The Storm-Gods of the Ancient Near East: Summary, Synthesis, Recent Studies. Part I
In many regions of the ancient Near East, not least in Upper Mesopotamia, Syria and Anatolia where agriculture relied mainly on rainfall, storm-gods ranked among the most prominent gods in the local panthea or were even regarded as divine kings, ruling over the gods and... View more
7. The Anatolian Storm-Gods Taru and Tar¢un(t) 7.1 Names and Strands of Tradition 7.2 Position in the Pantheon 7.3 Modus Operandi in Mythology and Ritual 8. The Victory of the Storm-God over the Sea 9. Further Gods with Storm-God Characteristics 9.1 The North-Babylonian and Assyrian Storm-God Wèr 9.2 The Babylonian God of the Western Lands Mardu-Amurru 9.3 The Anatolian Vegetation- and Storm-God Telipinu 10. A Few Remarks on Iconography Appendix: Selected Additions and Corrections to Schwemer, Wettergottgestalten
25 See Wettergottgestalten, 166-168; note that J. Klein's article on the filiation of Nanna referred to p. 168 fn. 1188 has now been published as “The Genealogy of Nanna-Suen and its Historical Background”, in: Historiography in the Cuneiform World (CRRAI 45), ed. T. Abusch e.a., Bethesda 2001, 279-301.
26 See Wettergottgestalten, 170-171, 408 fn. 3418 with references.
27 Wettergottgestalten, 168-170, cf. also M.W. Green, Eridu in Sumerian Literature, Diss. Chicago 1975, 91, and, for SEM 117, K. Hecker, Untersuchungen zur akkadischen Epik, AOATS 8, Kevelaer-Neukirchen-Vluyn 1974, 38, 113, 118.
63 The inclusion of Is¢ara in this group does not provide sufficient reason to characterise the whole group as a circle of Syrian gods (contra W. Sallaberger, “Pantheon”, RlA 10  306).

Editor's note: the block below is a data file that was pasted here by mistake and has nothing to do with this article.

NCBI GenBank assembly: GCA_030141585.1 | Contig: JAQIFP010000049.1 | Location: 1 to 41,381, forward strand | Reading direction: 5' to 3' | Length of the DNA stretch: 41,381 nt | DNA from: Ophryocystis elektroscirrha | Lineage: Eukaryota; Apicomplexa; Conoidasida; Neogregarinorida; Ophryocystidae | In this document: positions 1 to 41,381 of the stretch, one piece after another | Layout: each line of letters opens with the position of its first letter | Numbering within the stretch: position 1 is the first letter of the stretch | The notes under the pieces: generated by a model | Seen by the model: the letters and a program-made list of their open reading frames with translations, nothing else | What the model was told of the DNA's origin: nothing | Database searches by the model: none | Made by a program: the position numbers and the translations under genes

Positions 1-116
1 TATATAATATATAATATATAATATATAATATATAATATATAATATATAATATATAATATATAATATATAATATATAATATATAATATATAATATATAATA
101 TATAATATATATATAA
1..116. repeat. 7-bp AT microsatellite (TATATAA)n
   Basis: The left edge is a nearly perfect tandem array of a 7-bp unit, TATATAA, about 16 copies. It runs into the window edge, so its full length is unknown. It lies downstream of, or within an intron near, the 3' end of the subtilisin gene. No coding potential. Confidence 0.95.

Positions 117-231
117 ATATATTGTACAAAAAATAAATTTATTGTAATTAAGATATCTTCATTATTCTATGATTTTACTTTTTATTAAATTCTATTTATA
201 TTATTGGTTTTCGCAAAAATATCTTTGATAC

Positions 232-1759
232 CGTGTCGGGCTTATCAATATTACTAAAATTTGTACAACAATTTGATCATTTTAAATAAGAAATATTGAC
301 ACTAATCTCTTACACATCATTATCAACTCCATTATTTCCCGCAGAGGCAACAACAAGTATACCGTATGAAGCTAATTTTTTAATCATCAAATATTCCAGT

64 For the text see Wettergottgestalten, 78-86; ibid., 73-78, 86-92 for other relevant texts.
65 It should be noted, however, that Medimsa as consort of Iskur-Adad is not attested before the Old Babylonian period either. Since the goddess herself is already mentioned in texts of the Fàra period this may be due to chance. For Medimsa see Wettergottgestalten, 170-172; cf. also W.G. Lambert, “Sumerian Gods: Combining the Evidence of Texts and Art”, in: Sumerian Gods and Their Representations, ed. I.L. Finkel-M.J. Geller, CM 7, Groningen 1997, 6-7.
70 A good photograph of the tablet (AO 6448+,) is reproduced in SAA 8, 182f. (for an edition see E.F. Weidner, Gestirn-Darstellungen auf babylonischen Tontafeln, SÖAW 254/2, Wien 1967). For the association of Adad with Corvus see Wettergottgestalten, 605 fn. 4892, 688f.
71 For Adad as god of divination and his association with Samas within this and other contexts see Wettergottgestalten, 221-226, 284, 683-686.
72 See Wettergottgestalten, 427-428, cf. now also P. Michalowski, “The Scribe(s) of MDAI 57 Susa Omens?”, NABU 2006/41.